Do Diasporas Contribute to the Persistence of Authoritarian Rule? Responses of Eritrean citizens abroad to transnational governance

Dr. Nicole Hirt
2018 - 2020
German Research Foundation (DFG)
Cooperation partners

Prof. Abdulkader Saleh Mohammad, member of project team

Dr. Tanja Müller, University of Manchester, UK

Dr. Milena Belloni, University of Antwerp, Belgium

Dr. Christine Matzke, University of Bayreuth, Germany



Research Questions

  • Does diaspora behaviour contribute to the stabilization of authoritarian rule?
  • How do diasporas respond to the regime’s efforts to exploit and control its citizens abroad?
  • How does the political system of the host country (democratic/non-democratic) influence political socialisation and diaspora behaviour?

Contribution to International Research

Globalisation has led to increasing transnationalisation of politics. Yet, the influence of transnational social networks on homeland regimes has remained a severely understudied subject in political science. The aim of the project is to answer the question if diasporas contribute to the stabilisation of authoritarian regimes by exploring how diasporas respond to the efforts of their home regime to control its citizens abroad and to benefit from them. It further aims at examining how the political systems of host states and political socialization abroad influence political affiliations regarding homeland politics by comparing the transnational relations of Eritrean diaspora communities in five different countries.

The theoretical framework is based on theories of transnationalism and theories of democratisation and persistence of authoritarian rule. Eritrea qualifies as a case study because it is among the most diasporic societies worldwide and currently the largest per-capita refugee-producer in Africa. The topic is of high political relevance due to the recent refugee influx into Europe including tens of thousands of Eritreans, but equally because of the immense importance of increasing transnationalisation of authoritarian policies. The relevance of the question how authoritarian regimes instrumentalise their exiled populations for domestic purposes extends far beyond this case study.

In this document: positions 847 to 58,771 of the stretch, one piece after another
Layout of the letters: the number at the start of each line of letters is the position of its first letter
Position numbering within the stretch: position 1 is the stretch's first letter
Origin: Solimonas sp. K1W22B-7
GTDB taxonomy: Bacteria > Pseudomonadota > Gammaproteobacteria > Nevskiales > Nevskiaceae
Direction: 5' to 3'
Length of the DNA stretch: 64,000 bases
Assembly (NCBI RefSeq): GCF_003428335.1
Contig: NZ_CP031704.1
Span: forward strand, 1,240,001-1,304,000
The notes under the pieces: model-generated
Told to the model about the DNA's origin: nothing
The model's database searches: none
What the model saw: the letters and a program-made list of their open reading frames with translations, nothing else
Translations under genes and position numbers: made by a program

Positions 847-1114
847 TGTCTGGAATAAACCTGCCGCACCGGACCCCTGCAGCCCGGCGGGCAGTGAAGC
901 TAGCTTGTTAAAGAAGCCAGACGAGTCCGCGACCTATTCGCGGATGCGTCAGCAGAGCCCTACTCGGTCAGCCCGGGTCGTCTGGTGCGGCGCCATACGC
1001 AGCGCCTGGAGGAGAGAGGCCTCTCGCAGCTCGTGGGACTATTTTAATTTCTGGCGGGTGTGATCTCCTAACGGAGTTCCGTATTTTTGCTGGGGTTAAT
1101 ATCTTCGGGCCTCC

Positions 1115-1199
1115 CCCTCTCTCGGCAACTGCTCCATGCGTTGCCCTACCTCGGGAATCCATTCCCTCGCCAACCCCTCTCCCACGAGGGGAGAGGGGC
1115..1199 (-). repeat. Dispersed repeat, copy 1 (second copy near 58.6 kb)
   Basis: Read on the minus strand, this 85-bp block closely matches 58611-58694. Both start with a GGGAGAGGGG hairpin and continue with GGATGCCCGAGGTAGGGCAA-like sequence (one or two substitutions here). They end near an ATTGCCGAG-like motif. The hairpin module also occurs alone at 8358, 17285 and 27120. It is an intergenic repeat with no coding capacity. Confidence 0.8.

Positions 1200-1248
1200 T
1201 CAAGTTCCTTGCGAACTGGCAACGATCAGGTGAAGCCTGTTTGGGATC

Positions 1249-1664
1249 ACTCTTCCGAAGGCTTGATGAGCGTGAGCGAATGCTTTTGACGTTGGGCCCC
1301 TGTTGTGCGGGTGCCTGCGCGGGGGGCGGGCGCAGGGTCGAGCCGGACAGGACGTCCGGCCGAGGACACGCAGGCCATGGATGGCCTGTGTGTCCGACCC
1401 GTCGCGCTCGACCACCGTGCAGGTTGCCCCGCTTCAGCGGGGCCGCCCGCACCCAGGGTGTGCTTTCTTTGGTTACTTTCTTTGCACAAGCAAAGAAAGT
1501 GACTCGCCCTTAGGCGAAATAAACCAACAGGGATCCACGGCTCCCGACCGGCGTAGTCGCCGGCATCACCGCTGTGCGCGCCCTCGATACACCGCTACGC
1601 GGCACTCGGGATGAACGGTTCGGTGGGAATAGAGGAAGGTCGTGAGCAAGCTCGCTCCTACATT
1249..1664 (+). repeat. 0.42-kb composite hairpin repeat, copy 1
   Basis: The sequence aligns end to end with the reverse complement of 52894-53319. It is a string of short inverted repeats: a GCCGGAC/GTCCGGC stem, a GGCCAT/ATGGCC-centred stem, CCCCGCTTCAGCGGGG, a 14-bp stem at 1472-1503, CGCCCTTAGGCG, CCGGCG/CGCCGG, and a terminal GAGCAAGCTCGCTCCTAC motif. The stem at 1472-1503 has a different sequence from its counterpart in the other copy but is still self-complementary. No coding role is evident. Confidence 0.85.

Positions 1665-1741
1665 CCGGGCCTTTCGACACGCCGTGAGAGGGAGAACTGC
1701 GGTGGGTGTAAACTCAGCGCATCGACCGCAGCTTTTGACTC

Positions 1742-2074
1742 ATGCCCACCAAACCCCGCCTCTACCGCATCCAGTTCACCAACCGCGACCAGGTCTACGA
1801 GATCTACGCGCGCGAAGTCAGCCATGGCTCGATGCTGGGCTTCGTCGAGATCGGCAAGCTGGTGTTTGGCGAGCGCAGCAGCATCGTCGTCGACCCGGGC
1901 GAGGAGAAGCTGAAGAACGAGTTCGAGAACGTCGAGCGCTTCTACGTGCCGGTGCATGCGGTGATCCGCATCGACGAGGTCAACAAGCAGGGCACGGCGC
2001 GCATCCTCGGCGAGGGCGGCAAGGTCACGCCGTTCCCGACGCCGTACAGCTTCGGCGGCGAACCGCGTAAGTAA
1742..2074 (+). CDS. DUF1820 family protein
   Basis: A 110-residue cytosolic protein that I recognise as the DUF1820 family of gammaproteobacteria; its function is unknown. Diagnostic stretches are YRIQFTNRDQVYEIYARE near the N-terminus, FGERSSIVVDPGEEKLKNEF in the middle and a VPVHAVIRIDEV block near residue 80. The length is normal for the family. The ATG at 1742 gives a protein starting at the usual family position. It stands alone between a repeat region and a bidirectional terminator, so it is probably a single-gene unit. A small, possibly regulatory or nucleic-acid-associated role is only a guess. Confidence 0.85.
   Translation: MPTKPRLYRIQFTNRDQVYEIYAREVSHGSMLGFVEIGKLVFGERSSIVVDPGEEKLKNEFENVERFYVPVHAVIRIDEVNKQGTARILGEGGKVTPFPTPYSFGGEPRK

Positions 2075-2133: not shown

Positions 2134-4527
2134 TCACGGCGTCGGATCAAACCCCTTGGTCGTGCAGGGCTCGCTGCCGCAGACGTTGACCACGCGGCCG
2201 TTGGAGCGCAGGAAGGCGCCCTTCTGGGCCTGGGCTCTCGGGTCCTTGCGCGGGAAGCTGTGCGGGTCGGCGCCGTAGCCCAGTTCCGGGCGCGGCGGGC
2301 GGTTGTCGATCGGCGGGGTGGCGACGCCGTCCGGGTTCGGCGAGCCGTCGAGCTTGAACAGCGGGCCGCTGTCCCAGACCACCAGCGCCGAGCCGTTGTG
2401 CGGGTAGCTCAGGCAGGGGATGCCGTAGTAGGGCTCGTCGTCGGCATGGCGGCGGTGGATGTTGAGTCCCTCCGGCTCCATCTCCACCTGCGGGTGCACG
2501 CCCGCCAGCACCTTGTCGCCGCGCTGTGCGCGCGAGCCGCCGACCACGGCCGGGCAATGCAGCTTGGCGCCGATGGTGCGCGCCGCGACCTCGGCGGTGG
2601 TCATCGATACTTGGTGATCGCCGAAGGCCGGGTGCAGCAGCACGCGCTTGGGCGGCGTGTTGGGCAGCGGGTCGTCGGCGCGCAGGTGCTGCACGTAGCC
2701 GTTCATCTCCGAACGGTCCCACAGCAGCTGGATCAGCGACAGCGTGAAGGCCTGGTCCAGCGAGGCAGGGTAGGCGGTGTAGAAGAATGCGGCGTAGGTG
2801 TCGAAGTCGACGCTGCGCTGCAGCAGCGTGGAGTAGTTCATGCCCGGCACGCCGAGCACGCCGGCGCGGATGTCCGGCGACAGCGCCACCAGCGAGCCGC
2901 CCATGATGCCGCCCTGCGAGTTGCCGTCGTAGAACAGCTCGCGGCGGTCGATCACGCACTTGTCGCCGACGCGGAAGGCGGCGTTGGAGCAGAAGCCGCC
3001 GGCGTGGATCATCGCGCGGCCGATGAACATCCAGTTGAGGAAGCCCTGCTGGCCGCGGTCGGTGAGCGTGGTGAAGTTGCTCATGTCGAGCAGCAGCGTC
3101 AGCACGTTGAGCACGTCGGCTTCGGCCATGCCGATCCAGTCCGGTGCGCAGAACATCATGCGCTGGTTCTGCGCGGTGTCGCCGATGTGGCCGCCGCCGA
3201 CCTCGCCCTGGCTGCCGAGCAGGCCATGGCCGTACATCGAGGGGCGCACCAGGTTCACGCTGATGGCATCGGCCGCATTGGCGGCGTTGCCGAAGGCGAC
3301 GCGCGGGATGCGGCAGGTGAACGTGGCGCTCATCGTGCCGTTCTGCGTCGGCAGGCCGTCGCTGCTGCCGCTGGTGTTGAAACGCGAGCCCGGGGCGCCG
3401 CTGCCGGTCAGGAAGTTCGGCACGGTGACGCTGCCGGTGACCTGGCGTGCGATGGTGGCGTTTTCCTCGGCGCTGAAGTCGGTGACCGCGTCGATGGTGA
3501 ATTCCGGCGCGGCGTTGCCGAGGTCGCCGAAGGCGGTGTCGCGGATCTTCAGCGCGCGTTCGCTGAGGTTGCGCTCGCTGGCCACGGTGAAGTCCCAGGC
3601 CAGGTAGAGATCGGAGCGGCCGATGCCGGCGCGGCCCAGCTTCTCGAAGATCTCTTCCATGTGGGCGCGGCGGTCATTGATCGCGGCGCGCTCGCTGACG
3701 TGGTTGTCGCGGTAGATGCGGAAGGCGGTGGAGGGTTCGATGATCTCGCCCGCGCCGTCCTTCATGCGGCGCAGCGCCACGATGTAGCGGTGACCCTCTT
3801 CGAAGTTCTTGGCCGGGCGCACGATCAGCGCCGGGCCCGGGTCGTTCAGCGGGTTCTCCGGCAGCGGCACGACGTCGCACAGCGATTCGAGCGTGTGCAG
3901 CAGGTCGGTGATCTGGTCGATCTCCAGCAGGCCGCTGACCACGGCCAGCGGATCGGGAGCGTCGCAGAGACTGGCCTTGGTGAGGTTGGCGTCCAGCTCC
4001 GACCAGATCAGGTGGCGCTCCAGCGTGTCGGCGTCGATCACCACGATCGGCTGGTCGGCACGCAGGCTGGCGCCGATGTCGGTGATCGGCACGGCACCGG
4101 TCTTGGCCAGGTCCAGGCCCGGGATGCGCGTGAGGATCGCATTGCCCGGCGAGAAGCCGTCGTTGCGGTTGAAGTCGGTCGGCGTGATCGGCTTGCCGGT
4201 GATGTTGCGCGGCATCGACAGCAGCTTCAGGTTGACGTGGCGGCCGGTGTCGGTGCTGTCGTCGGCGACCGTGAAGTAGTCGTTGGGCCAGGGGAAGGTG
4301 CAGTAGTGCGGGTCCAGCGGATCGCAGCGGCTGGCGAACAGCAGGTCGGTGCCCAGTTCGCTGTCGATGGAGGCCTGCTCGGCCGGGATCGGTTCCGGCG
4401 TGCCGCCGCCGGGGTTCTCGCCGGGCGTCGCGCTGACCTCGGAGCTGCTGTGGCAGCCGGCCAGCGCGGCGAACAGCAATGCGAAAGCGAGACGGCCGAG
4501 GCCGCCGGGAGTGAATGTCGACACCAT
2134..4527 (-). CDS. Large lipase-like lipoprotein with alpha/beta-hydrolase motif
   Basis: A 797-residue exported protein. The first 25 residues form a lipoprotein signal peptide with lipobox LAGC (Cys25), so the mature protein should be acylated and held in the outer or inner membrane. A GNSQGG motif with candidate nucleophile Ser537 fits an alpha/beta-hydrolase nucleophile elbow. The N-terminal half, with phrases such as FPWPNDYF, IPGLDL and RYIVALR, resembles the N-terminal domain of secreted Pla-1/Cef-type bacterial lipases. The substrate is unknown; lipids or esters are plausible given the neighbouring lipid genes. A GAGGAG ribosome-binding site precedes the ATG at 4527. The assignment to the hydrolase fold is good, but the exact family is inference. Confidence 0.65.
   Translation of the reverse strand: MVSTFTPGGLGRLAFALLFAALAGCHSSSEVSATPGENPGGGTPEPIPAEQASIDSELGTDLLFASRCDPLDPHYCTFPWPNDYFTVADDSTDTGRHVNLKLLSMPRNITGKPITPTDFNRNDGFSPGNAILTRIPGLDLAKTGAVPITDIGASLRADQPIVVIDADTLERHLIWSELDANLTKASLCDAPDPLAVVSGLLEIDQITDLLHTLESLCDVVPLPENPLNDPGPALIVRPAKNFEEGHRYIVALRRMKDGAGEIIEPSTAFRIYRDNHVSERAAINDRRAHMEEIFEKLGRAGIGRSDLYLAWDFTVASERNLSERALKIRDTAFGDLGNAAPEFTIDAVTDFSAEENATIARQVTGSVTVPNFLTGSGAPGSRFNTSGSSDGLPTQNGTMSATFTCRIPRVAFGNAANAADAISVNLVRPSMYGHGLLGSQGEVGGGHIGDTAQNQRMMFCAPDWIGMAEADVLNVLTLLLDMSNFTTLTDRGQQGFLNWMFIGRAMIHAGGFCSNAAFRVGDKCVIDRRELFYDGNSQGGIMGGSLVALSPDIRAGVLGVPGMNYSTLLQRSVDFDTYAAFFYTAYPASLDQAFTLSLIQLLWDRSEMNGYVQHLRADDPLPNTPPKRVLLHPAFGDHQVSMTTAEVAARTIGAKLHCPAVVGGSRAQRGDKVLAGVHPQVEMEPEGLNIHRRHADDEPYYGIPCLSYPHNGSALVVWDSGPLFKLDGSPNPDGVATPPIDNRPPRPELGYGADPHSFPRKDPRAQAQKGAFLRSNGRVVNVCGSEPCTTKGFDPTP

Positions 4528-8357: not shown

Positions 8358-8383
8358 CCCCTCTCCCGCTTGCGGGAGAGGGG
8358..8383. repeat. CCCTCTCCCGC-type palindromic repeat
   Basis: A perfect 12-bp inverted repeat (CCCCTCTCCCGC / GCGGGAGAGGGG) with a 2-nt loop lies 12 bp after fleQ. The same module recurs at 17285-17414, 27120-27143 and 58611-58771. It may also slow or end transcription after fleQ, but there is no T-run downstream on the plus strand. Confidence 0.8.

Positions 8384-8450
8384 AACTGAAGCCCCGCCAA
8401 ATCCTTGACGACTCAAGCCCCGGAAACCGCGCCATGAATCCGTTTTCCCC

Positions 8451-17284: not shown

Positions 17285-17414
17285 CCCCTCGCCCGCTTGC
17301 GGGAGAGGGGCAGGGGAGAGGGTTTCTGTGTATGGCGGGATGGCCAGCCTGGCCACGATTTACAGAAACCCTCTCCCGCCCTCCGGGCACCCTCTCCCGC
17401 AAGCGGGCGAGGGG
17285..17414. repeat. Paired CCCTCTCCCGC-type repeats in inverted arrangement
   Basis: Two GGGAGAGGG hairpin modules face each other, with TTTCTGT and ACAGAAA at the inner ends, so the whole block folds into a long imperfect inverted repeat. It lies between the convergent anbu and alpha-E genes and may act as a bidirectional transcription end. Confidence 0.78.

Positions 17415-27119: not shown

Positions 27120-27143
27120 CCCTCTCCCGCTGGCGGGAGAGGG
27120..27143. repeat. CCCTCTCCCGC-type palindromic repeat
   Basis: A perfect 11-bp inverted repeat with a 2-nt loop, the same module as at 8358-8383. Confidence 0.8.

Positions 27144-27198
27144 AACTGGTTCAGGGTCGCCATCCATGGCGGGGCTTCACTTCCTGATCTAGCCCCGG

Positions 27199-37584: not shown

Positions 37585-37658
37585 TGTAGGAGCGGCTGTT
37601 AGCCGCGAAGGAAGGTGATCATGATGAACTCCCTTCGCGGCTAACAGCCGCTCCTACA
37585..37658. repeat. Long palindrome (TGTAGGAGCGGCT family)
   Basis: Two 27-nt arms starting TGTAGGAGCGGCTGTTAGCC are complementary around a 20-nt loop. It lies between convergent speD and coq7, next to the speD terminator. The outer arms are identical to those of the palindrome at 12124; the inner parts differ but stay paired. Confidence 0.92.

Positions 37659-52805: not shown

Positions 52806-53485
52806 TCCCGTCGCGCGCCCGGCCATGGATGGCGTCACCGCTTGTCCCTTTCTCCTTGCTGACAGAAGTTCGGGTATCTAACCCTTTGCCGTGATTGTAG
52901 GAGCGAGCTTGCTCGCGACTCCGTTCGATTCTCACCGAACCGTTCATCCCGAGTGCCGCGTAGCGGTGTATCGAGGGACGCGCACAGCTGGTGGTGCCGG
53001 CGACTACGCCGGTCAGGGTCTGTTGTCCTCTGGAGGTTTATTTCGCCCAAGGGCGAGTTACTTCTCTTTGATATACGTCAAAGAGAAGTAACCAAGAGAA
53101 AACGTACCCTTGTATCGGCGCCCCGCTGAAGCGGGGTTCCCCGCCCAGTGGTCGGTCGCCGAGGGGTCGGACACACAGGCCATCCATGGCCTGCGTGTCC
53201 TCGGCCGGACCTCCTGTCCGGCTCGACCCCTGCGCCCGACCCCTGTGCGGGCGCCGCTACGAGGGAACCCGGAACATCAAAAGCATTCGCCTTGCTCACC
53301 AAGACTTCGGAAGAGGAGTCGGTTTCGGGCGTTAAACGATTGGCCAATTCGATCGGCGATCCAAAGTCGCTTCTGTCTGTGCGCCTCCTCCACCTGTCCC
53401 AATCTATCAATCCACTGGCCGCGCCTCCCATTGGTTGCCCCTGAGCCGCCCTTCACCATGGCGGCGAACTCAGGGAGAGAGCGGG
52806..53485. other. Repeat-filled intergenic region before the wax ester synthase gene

The project will contribute to international research about transnational authoritarian governance and the globalization of domestic politics (Koslowsky 2015, Lyons and Mandaville 2012), diasporas and transnationalism (Bauböck and Faist 2010) and the role of diasporas in regard to the stabilization of authoritarian rule (Gerschewski 2012). It will also try to narrow the research gap concerning mechanisms that turn members of diaspora communities hosted in democratic environments into ardent supporters of autocratic regimes.

Research Design and Methods

Our research is based on a comparative study of five Eritrean diaspora communities in three democratic countries (Germany, Norway, UK) and in two non-democratic countries (Ethiopia, Egypt). We will conduct semi-structured interviews with Eritreans from different ethnic, religious and regional backgrounds as well as with Eritrean political and civil society activists in the diaspora. We distinguish between members of the established diaspora who left their home country during the independence struggle (1961-1991), second-generation diaspora Eritreans and refugees who have fled from the country in recent years. Our research will be further informed by long-term participant observation and by an in-depth analysis of different Eritrean online media outlets and social media activities of diaspora communities.

Research Team